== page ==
The new InDesign CS6 shows Adobe's commitment to design and page layout. The new features InDesign boasts are intended to make life easier for busy layout production work and also for anyone making page designs for more than one final format.
Everyone in the DTP field is being asked to do more kinds of work than ever before - and not just taking pages onto iPads, although that's definitely something we hear regularly.
Repurposing layouts into new page sizes is where the Liquid Layout feature comes in handy. This lets pages be reshaped and the contents adjust, slide or resize to fit into the new dimensions. It's a strange thing to see, but it works well - and much better than the Layout Adjustment feature that's been around in previous InDesign versions.
You use the Liquid Layout window to tell objects whether they should grow, be pinned to sides of the page, or simply do an 'auto fit' that leaves the decisions up to InDesign. Then use the Page Tool to pull the page into a different shape. This way you can preview how things will change when the document is resized, or when a new 'alternate layout' is made from the current one.
Alternate layouts finally make iPad layouts a little easier to manage. These put different layout page sizes into the same document. You can choose which set of pages to see, or show more than one set at once by splitting the window. The Pages palette shows the different layouts in a document. If you need to make multiple versions of a layout, this is great news. But watch out, if you add a page into one layout it isn't automatically added into the other: there is no synchronisation.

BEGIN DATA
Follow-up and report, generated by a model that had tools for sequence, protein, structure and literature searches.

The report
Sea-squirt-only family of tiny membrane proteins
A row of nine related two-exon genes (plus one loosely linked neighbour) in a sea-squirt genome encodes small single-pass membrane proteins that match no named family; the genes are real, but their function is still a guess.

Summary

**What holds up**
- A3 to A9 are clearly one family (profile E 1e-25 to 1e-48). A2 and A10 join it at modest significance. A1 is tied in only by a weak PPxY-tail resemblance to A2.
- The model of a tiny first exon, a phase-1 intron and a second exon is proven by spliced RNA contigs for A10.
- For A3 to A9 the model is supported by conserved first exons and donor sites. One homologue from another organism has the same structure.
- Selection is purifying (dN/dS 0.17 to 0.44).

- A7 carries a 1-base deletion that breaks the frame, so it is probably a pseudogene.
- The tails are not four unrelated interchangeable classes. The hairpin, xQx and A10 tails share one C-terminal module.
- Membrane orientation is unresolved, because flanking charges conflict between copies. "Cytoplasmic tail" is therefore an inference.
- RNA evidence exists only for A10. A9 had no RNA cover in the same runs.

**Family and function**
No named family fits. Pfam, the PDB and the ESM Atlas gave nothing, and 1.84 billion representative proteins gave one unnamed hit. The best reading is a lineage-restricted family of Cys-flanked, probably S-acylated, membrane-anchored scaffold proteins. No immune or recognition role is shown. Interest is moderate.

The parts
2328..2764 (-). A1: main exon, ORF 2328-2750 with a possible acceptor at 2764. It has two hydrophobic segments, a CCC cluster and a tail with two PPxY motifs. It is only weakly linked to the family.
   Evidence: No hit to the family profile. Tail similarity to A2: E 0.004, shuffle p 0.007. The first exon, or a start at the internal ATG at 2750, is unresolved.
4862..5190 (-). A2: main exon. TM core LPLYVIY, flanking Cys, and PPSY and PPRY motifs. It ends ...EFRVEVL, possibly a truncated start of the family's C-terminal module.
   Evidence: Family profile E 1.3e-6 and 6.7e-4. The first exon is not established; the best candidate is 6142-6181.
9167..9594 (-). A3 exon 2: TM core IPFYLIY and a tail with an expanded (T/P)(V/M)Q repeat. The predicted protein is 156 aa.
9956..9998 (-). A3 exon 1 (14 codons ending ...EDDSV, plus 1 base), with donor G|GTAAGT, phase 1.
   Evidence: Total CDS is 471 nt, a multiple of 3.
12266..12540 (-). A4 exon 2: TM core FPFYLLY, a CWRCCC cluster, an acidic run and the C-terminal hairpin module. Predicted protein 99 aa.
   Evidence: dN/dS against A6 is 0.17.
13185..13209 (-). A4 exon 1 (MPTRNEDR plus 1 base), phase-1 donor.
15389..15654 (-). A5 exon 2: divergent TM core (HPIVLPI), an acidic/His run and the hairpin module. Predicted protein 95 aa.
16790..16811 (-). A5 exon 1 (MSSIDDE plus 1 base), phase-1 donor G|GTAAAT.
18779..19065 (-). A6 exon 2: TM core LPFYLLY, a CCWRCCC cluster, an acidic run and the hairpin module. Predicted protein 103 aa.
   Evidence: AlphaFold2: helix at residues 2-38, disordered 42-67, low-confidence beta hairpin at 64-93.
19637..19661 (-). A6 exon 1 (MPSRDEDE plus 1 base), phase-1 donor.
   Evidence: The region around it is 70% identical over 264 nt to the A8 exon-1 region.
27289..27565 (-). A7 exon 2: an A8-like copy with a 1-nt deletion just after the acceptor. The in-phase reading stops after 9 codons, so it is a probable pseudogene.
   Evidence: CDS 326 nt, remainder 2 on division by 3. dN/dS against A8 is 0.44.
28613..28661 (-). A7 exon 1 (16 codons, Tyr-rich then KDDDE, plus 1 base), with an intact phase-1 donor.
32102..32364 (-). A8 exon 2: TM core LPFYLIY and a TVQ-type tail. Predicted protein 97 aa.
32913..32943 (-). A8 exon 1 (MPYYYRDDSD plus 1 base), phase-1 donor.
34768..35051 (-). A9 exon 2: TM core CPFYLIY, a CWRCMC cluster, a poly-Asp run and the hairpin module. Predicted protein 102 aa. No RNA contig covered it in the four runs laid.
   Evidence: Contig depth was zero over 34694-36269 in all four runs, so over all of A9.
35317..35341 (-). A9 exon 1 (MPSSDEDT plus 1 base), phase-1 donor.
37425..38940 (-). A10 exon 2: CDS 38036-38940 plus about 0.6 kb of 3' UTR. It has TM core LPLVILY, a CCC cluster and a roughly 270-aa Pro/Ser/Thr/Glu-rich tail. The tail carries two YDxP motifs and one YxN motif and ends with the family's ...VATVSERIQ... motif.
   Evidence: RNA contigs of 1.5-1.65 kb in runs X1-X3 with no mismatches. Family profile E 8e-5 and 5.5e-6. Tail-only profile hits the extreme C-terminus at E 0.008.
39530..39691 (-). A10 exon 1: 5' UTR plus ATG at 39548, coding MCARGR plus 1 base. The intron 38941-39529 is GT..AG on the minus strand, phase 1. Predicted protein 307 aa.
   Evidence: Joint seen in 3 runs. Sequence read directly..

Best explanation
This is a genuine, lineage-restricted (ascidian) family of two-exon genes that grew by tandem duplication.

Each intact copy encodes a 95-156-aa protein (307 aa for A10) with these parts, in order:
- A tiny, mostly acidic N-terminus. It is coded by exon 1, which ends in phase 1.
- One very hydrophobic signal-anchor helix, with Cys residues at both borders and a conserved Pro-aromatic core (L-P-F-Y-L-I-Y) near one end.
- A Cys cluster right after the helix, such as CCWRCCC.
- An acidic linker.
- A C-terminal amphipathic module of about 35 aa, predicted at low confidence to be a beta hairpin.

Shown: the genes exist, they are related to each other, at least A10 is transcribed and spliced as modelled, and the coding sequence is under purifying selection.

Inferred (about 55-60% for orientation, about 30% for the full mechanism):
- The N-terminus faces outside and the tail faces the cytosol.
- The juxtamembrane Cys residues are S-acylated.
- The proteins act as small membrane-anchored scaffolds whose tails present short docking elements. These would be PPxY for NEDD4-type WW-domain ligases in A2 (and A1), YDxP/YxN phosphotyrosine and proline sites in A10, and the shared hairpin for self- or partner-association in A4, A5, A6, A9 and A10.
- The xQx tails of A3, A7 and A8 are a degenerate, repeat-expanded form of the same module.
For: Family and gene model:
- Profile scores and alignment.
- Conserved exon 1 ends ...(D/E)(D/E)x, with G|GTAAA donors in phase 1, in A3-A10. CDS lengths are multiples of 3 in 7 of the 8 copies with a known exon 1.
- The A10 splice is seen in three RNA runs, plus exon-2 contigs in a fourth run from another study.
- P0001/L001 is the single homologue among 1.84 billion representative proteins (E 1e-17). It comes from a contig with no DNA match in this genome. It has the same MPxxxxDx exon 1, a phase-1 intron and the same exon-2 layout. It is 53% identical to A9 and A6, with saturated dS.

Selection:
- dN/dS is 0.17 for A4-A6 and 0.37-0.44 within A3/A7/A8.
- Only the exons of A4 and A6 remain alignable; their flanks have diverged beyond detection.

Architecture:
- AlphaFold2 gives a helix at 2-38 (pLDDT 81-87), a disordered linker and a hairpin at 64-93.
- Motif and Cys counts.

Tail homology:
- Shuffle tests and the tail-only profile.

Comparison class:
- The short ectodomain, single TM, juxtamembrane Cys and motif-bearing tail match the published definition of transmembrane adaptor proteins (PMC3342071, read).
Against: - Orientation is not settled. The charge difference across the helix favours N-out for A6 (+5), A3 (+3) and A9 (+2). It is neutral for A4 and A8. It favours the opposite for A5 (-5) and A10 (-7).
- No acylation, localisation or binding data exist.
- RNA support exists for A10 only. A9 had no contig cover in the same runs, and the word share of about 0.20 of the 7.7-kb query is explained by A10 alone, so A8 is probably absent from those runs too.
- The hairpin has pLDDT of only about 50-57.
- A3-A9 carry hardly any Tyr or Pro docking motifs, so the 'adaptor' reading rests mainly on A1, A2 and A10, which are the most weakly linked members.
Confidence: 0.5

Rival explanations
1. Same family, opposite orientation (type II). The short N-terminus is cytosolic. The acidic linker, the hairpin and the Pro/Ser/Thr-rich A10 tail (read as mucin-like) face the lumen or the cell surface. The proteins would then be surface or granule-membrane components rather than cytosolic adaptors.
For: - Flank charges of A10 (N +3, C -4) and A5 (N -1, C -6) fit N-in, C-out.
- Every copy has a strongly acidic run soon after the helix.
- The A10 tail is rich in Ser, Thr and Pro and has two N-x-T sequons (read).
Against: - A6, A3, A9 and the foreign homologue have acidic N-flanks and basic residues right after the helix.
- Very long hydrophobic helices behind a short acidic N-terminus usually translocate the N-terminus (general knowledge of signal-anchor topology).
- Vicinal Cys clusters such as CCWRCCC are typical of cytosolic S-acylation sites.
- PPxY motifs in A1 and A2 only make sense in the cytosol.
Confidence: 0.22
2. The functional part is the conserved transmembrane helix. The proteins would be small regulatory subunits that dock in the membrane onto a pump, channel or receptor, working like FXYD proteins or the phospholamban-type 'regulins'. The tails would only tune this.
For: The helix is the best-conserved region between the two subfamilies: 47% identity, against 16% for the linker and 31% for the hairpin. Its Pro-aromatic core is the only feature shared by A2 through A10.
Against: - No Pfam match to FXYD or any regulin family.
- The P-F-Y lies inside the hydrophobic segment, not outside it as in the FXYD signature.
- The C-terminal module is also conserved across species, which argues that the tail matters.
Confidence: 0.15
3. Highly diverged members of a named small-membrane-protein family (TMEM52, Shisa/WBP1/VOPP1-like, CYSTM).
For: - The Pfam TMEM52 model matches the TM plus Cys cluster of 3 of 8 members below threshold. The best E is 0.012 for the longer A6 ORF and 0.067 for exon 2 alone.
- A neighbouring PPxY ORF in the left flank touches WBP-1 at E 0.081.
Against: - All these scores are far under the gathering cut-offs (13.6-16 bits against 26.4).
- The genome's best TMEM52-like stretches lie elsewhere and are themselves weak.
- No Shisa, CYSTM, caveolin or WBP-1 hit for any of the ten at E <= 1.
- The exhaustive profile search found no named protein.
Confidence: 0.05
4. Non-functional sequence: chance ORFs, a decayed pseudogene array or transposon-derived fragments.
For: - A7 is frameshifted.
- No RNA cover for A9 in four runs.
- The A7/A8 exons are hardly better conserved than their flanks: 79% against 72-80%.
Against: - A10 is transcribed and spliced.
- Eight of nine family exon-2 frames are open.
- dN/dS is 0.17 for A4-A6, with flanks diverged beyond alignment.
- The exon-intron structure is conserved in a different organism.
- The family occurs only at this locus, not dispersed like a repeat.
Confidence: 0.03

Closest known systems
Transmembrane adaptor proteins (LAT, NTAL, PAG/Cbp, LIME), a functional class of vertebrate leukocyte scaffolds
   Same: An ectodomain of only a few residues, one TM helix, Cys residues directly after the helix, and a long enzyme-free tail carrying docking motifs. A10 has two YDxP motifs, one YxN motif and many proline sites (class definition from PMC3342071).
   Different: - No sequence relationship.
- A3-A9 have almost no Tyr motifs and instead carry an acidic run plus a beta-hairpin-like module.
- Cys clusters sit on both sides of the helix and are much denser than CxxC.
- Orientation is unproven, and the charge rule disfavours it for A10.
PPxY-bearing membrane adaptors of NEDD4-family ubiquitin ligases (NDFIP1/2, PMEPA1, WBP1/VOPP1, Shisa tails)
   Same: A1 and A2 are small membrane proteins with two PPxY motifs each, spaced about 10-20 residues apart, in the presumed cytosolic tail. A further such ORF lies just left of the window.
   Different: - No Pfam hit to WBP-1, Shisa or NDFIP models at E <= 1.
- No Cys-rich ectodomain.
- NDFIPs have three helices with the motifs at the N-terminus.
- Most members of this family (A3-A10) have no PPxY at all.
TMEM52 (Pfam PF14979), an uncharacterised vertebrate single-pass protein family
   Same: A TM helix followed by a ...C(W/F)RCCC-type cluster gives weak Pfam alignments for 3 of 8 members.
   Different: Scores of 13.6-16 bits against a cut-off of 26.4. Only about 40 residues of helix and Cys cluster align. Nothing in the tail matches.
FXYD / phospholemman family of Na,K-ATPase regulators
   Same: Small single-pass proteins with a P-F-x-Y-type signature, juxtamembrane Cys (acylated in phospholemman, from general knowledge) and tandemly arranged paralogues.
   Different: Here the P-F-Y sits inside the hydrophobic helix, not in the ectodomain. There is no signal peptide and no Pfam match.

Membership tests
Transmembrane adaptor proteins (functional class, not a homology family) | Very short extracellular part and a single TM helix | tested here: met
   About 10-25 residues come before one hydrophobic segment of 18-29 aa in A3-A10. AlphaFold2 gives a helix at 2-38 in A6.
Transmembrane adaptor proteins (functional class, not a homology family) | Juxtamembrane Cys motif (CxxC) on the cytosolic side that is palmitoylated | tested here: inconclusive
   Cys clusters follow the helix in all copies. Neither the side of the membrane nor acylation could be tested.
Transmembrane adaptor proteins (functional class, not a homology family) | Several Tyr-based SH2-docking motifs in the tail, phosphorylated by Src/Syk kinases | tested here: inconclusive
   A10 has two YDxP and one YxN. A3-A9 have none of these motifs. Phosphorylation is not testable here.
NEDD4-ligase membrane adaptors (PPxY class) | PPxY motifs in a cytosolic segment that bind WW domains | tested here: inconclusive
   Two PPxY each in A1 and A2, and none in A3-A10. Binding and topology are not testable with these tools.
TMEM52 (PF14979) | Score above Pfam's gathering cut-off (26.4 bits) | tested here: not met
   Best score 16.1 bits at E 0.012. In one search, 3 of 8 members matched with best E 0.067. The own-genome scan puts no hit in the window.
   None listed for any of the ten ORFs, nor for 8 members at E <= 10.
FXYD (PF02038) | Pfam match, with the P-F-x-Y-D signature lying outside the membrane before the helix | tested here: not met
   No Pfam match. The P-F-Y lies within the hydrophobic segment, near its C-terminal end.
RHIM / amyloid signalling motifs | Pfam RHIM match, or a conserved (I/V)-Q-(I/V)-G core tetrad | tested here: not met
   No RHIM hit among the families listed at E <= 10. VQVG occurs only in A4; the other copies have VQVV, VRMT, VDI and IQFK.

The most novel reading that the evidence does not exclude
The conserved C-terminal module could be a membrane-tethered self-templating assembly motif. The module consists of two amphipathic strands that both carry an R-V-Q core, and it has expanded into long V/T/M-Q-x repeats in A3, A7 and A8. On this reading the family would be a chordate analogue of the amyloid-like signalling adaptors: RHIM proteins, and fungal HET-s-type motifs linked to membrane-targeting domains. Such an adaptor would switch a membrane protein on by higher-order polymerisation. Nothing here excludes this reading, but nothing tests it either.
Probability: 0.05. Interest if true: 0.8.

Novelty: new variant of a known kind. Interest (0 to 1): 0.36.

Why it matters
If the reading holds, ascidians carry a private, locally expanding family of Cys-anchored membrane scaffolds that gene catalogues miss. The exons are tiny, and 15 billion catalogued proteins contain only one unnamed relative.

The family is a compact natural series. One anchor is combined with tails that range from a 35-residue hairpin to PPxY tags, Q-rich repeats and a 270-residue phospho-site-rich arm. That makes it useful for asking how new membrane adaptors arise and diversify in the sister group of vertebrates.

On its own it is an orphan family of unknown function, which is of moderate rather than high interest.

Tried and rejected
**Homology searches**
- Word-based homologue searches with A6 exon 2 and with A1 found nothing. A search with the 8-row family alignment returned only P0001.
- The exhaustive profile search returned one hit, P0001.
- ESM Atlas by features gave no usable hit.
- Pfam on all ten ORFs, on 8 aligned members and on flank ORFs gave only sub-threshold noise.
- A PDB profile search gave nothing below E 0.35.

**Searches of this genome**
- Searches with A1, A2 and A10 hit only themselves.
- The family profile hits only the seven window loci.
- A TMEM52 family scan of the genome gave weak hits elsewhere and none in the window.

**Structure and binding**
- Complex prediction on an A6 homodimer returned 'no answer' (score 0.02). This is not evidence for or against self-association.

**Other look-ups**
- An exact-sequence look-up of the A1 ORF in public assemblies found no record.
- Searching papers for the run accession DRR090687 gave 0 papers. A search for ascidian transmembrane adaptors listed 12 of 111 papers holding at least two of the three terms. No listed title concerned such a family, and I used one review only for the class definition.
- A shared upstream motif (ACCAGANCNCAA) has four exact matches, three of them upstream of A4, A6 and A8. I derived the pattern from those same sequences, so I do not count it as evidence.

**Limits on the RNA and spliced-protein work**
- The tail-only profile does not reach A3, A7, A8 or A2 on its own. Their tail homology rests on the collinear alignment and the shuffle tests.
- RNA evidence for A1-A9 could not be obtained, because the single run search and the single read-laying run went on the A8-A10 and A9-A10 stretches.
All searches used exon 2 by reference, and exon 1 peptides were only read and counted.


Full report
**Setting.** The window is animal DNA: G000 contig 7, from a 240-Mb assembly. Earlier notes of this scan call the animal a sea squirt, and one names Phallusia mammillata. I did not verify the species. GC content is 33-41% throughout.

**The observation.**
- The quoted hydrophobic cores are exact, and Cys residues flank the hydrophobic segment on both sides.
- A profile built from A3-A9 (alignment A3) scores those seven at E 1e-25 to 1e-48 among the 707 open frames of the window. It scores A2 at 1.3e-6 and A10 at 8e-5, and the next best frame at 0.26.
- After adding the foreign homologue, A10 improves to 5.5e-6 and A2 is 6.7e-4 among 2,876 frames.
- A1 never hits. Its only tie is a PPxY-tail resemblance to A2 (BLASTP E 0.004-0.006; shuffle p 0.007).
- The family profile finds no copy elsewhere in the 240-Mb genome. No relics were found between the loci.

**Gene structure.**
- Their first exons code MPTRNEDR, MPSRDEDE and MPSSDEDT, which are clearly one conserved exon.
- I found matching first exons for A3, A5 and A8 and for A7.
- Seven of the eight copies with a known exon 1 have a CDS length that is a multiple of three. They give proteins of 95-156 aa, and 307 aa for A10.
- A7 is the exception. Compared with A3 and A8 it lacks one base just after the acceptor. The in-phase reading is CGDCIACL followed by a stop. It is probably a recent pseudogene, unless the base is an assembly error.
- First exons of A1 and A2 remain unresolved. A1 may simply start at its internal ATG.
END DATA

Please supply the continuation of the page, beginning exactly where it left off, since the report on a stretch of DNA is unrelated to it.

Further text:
The Content Collector is another powerhouse trick for busy production staff. Choose this tool - the only new icon in the Tools palette - to show the Content Collector window, then click on items to add them to it.
Switch to the Content Placer tool and you can place them back on the page in the order they were collected. This is perfect for copying lots of items from one document or layout to another. They don't stay in the Content Collector when they're placed again, so this feature doesn't replace the Library for storing master copies of items. Think of it as visual copy and paste on steroids.
Another new feature is the ability to insert HTML content as objects into a page layout. This means more options for making iPad folio documents or EPUB books, but not so much for print work. Exporting to PDF with HTML items in a layout created black boxes in our tests, even with simple text. It also didn't let us put more than one portion of HTML into a document at once: every HTML item ended up with the same content.
More impressive is the ability to make PDF forms from inside InDesign CS6. It is actually easier to make them here than in Acrobat Pro, although it is still something you will need to take time to understand.
Select an item and use the Buttons and Forms palette window to set up the form item type and behaviour. Text boxes can be turned into form fields, even password ones, and graphic buttons and checkboxes can be set.
Teething bugs aside, InDesign CS6 seems to be a robust and useful upgrade. If you don't specifically need the key update features then you probably shouldn't get too excited about this. But if you do, well, they should make your life much easier - once you get your head around how to use them properly.